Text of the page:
Awesome Men Through History: Roger Corman
This week is a landmark (well, sort of) for my contributions to TSB, in that it’s the first time my Self Made Man and Awesome Men Throughout History columns will feature the same person. Fittingly, this person is legendary B-movie director/producer Roger Corman, who reused props, sets, actors, and film footage as much as he could. As such, dedicating two columns to him is an homage to his work in and of itself.
The Self Made Man write-up of Corman details how he made sure his films were profitable, so I’ll use this column to talk more specifically about his films and their significance, which reflects on his enduring awesomeness.
Corman made B-movies, defined as genre films that supported a movie theater’s more respectable, higher-budget main feature. Those same movies were also sent to drive-ins and second-run theaters, which were cheaper and often patronized by teenagers, to whom the sensational excesses of Corman’s films appealed.
In this sense, Corman was a pioneer, because no one else was making transgressive teenage movies that weren’t also morality plays centered around contemporary adult values. Nicholas Ray’s Rebel Without a Cause was a cautionary tale, but Corman’s Teenage Doll, to use just one example, made direct appeals to teenage rebellion without the obvious Dad-was-right subtext.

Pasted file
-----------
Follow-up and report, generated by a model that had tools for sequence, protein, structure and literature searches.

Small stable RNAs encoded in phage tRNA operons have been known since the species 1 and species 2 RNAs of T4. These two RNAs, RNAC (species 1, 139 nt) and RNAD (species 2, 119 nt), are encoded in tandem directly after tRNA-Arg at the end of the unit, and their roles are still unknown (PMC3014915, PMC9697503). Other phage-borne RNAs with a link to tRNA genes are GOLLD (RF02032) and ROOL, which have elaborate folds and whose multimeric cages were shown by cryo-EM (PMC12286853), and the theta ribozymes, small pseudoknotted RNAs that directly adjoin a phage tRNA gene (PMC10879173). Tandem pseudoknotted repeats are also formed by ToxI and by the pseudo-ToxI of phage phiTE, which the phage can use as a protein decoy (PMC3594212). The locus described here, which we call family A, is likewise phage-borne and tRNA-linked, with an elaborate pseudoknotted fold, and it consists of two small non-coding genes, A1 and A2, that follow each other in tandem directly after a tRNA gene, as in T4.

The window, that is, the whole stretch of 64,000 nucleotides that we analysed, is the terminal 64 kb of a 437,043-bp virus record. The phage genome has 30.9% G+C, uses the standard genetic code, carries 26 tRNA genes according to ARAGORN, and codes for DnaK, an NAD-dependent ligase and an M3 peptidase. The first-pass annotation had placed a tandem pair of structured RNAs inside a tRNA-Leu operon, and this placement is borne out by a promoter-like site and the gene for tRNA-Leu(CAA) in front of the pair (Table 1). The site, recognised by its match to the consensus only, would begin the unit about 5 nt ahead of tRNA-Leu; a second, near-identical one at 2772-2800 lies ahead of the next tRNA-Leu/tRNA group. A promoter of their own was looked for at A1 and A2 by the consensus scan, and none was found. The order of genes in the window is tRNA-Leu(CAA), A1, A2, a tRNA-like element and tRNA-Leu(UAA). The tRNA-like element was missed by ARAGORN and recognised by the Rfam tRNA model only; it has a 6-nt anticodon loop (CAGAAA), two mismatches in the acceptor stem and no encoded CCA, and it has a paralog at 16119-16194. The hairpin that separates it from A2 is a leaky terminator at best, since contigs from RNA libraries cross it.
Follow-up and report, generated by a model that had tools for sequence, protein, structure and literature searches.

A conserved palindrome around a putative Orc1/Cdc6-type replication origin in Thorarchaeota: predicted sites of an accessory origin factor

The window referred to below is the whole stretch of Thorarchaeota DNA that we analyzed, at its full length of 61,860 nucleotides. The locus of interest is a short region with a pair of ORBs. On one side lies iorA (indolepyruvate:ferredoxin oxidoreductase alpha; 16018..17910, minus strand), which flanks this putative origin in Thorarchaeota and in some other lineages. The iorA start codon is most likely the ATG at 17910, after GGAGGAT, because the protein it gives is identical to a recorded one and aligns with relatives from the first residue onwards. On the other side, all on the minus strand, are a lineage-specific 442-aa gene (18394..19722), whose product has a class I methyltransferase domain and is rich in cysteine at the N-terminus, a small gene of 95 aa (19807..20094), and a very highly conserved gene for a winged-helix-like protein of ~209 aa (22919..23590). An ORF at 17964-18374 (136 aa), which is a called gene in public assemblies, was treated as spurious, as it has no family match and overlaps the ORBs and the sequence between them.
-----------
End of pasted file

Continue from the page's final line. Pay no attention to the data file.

Corman was also a pioneer of guerrilla filmmaking, which is a hip and recognized style today, and would get cameramen to follow ambulances and fire trucks and film whatever was happening so he could use the footage later. Shameless? Of course. But it’s a style he perfected over hundreds of films, and other directors have used similar techniques since. Hell, Catch Me If You Can is one of Spielberg’s best movies, and the production schedule on that was Corman-esque (by Spielberg’s standards, anyway).
Corman’s movies had a specific look and sound because of these production habits, and because they were made independently, without studio pressure to water things down for middle-class tastes. The Wild Angels, for example, is a mix of vibrant, almost trashy colors, salacious content (lots of hot girls and biker fights), and the distorted surf rock of Davie Allan and the Arrows as its primary soundtrack. His best movies were visually aggressive, and that inspired a lot of other filmmakers—some of whom were mentored by Corman—to work outside the studio system as well.
This isn’t to say that Corman was trying to be subversively brilliant; he was trying to make money, as we know. But he did have taste. When he started New World Pictures, he became an American distributor of foreign films made by guys like Ingmar Bergman, Akira Kurosawa, Federico Fellini, and François Truffaut, among others. Their films are taught in film school now, but back in the 1960s and 70s they had virtually no American audience beyond Los Angeles or New York. Corman loved their films, however, and felt that there was an audience for them in the US, so he brought them to drive-ins across the country. Years later, companies like Miramax would do the same thing to great acclaim.
It took some time, but the industry did finally recognize Corman’s legacy, and he received an honorary Oscar in 2009 for “his rich engendering of films and filmmakers.” I’ll end with this short profile of his career before that year’s Academy Awards ceremony.
About Dave Kiefaber Dave Kiefaber is a Baltimore-based writer who regularly contributes to Adfreak and the Gettysburg Times. His personal website is at www.beeohdee.blogspot.com.